The USC Shoah Foundation – Institute for Visual History and Education has announced a $10 million grant from the Koret Foundation to develop and implement a new global Holocaust educational curriculum.
To be developed in partnership with the Hold On To Your Music Foundation, the testimony/music curriculum is expected to reach twenty-five thousand educators and eight million students around the world through educational programming and tools, professional development opportunities, and live, virtual, and immersive performances.
Hold On To Your Music and the initiative were inspired by the story of Lisa Jura, the mother of concert pianist Mona Golabek, who as a child was one of ten thousand Jewish children brought to England before World War II as part of the Kindertransport, a mission to save Jewish children threatened by the Nazis. "I'm honored to partner with USC Shoah Foundation and profoundly grateful to the Koret Foundation for their transformational support, enabling us to tell my mother's story of resilience and survival as never before," said Golabek, who told her mother's story of survival and resilience in The Children of Willesden Lane (co-written with Lee Cohen). "Together, we will reach an unprecedented number of students around the world — students from every background, culture, and circumstance — to remind them that with courage and an open heart, their dreams will inspire and make a difference. We must always cherish the stories of man's humanity to man."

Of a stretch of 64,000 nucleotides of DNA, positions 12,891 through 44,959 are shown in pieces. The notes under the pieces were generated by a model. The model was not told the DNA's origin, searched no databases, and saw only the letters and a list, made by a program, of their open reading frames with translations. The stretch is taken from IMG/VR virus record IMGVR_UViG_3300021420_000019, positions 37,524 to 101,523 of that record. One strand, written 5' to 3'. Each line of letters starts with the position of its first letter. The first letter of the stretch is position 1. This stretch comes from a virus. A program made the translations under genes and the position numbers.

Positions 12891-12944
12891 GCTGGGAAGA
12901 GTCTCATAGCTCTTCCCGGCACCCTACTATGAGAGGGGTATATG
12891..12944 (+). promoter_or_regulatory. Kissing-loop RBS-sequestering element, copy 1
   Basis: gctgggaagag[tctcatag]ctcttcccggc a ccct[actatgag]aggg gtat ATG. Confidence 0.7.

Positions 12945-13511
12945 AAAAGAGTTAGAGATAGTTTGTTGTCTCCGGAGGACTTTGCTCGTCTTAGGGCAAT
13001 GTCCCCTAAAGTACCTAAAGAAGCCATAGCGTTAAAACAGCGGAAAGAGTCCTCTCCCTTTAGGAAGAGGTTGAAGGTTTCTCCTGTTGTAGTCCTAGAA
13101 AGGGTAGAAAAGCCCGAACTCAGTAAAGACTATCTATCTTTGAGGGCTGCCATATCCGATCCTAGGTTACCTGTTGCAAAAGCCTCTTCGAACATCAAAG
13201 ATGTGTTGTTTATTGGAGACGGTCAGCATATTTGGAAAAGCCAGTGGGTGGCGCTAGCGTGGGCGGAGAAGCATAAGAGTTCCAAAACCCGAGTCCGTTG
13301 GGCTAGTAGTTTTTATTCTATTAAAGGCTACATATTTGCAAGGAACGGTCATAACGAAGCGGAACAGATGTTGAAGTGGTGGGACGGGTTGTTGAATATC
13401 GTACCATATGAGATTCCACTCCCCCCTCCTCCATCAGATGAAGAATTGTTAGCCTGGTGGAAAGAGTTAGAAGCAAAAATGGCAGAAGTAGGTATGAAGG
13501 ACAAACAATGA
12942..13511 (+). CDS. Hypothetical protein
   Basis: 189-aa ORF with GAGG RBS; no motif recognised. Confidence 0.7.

"USC Shoah Foundation is a leader in Holocaust education with proven impact throughout the world," said Koret Foundation board president Anita Friedman. "Hold On To Your Music and the story of the Children of Willesden Lane is a story of resilience and hope that inspires all of us to learn more about the lessons of the Holocaust. We are gratified to provide major funding for this interdisciplinary, multi-dimensional educational initiative and are proud partners in this global effort."
(Photo credit: Koret Foundation)